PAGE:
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The Re-construction of Artificial Reefs for Octopus using Discarded Electric Poles

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Type: Conference Paper
Author: Moonoosamy, K.; Narrainen, S,; Panray, Beeharry
Conference: Governing Shared Resources: Connecting Local Experience to Global Challenges, the Twelfth Biennial Conference of the International Association for the Study of Commons
Location: Cheltenham, England
Conf. Date: July 14-18, 2008
Date: 2008
URI: https://hdl.handle.net/10535/193
Sector: Water Resource & Irrigation
Subject(s): mining
coral reefs
natural resources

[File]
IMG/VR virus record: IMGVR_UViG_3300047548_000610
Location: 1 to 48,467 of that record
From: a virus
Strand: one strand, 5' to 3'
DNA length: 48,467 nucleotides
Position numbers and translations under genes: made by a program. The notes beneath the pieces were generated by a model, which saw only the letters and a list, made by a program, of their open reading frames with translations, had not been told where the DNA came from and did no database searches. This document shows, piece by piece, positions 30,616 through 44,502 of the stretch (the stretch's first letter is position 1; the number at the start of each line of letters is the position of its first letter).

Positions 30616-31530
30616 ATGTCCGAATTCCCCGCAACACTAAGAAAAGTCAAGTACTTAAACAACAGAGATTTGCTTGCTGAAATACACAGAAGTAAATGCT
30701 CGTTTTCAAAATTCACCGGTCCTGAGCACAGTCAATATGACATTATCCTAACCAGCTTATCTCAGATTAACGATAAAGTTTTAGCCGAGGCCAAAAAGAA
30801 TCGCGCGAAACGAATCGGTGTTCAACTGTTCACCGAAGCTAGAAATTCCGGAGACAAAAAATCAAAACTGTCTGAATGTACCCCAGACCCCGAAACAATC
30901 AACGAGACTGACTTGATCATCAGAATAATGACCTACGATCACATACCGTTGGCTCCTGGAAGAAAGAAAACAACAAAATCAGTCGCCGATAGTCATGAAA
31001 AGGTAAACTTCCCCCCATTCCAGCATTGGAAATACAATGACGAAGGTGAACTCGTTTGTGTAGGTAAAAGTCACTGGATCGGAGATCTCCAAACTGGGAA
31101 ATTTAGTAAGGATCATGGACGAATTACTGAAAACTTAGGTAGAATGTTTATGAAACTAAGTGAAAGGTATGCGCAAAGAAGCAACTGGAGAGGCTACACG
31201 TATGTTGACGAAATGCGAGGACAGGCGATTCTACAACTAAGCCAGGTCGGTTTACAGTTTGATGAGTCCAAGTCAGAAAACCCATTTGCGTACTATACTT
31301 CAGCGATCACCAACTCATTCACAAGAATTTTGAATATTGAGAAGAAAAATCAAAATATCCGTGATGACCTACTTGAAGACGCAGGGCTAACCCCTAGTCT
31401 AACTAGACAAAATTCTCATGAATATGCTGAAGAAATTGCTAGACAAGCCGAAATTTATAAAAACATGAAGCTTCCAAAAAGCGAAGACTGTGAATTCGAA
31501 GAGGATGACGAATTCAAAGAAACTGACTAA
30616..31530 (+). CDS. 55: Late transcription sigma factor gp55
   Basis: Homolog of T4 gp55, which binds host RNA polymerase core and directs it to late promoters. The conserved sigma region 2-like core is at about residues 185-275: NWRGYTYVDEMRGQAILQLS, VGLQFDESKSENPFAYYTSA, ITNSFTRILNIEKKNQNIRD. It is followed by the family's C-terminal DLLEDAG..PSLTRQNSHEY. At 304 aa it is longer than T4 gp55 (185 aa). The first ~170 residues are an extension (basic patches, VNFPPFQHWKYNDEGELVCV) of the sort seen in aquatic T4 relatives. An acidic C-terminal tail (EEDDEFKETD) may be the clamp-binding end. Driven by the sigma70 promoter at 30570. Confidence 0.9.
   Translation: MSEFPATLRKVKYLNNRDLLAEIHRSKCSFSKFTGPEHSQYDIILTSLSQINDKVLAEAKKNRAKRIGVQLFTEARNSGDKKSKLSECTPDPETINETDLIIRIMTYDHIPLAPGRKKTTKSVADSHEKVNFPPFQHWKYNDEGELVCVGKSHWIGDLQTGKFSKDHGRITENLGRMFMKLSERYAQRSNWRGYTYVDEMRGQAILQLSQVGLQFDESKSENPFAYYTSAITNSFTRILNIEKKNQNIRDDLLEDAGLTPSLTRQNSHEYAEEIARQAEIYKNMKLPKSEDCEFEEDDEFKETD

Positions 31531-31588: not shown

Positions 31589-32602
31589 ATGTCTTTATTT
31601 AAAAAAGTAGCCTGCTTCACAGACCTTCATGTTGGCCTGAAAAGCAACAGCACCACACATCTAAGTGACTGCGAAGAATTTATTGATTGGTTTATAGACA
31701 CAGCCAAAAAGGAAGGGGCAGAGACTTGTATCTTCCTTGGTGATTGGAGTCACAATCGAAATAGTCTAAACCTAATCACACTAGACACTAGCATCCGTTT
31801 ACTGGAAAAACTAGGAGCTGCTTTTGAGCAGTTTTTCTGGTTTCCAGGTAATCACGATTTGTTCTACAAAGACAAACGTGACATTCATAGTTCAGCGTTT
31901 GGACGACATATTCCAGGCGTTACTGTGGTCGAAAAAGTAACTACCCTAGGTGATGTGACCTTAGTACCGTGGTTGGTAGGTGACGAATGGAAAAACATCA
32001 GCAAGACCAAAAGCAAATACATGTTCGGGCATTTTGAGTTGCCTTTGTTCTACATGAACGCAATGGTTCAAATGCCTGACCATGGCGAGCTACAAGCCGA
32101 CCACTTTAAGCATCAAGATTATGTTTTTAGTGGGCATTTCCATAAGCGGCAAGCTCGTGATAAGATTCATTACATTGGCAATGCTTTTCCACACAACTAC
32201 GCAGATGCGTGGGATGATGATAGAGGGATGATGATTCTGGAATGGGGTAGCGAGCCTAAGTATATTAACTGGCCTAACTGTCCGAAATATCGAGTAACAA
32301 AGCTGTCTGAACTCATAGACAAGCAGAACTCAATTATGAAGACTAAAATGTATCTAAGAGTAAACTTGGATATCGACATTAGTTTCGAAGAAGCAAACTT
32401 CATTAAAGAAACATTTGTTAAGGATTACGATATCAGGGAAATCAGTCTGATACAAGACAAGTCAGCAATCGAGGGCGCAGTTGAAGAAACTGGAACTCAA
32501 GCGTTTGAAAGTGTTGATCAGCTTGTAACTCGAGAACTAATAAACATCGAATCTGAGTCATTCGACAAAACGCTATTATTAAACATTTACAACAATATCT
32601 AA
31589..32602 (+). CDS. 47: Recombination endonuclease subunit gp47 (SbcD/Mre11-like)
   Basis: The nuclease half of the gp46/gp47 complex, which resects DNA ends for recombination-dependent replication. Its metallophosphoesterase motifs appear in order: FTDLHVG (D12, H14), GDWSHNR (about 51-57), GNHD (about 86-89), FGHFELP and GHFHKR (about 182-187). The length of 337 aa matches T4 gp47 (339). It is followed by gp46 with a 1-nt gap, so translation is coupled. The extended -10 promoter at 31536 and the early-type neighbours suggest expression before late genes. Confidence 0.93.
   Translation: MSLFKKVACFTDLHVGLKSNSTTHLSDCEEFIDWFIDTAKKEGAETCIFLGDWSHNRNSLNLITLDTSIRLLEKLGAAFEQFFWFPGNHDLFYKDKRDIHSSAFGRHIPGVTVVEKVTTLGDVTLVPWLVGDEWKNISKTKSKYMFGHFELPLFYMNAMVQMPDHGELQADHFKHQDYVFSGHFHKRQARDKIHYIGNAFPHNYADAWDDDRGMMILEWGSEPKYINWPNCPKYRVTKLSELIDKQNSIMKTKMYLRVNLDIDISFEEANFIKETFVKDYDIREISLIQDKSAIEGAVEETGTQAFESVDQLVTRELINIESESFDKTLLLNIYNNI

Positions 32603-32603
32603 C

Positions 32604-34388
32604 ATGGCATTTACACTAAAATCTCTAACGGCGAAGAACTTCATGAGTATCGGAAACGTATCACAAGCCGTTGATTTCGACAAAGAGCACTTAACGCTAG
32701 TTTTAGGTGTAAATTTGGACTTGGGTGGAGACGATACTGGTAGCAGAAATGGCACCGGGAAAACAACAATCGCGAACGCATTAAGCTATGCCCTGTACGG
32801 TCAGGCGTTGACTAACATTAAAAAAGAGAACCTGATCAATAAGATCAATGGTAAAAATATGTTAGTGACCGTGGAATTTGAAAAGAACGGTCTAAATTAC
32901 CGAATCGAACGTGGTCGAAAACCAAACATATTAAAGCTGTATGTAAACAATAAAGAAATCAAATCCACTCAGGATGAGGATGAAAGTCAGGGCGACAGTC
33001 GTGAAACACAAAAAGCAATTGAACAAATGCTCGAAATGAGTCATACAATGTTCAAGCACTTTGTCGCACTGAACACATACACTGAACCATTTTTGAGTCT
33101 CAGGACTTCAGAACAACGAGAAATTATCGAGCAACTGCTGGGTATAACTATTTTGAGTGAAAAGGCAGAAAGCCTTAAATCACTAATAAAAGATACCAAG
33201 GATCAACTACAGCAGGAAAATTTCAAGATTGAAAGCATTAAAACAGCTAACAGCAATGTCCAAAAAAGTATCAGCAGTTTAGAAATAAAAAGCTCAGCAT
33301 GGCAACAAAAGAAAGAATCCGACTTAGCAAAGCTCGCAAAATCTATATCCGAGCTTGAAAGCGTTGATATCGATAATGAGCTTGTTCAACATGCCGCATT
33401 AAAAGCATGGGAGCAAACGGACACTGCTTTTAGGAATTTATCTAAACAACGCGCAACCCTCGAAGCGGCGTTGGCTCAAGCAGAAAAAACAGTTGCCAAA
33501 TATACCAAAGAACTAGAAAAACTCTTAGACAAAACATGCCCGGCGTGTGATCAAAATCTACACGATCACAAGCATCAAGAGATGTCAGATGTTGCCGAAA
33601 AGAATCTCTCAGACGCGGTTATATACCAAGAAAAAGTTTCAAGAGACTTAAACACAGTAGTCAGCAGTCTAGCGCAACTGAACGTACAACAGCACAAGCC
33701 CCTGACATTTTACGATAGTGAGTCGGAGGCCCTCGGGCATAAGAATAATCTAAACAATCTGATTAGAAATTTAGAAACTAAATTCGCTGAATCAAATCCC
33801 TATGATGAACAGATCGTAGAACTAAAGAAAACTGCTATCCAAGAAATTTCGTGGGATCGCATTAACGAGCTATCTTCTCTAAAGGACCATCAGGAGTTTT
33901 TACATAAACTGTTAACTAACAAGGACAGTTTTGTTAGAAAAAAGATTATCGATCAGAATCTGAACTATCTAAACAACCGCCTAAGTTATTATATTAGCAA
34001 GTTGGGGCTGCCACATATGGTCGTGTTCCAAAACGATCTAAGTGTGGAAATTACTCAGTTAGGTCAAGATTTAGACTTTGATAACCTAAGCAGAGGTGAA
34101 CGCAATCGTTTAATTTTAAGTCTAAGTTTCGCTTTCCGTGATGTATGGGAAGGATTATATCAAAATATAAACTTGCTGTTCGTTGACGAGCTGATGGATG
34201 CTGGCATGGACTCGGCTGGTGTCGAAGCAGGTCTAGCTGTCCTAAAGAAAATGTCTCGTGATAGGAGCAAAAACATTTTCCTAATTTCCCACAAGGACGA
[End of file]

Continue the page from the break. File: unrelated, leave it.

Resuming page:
Abstract: "The accelerated post-independence lagoon sand mining activities had deleterious effects on the marine ecosystem. The dredging, silting and boat movement had led to severe ecosystem destruction including octopus habitat. This resulted in a drastic drop of fresh octopus on the local market. "This study aims at reconstructing the damaged habitat at the affected sites using Artificial Reef (AR) with a view to increase the population of 0ctopus and to meet the demand of at least the local market. This will also help overcome the income loss which has been accrued over the years and ensure once more a daily bread for octopus fishers( ensure sustainability for low income group). "The Artificial Reef was made from discarded concrete electric poles which have been cut and worked out into a habitat for Octopuses strong enough to resist underwater current and also easily maneuverable by fishers using existing practices. Fishers were attributed a limited number of Artificial Octopus habitats so as to maintain a low, sustainable catch per unit effort. These artificial octopus nests were to be used strictly outside the 'Not Take Zone' which has been demarcated in the fishing ground after consulting the local fishers. "The 'Not Take Zone' or Marine Protected Area (MPA) ensures replenishment of stocks and protects the species thus enabling them to attain adult productive size. Adult octopus allows spawning and larvae production. "Results have shown that the artificial reef is productive after eight months stay in the marine environment. Fishers fishing with 8 ARs have a minimum additional monthly income equal to one fifth the salary of an unskilled local worker. "Results have also shown that avoiding conflict among fishers, proper monitoring and management of ARs, using sound fishing practices and harvesting the resource at adult size, will increase production considerably. "The project can be undertaken in other sites, provided all the implementation measures are strictly respected."

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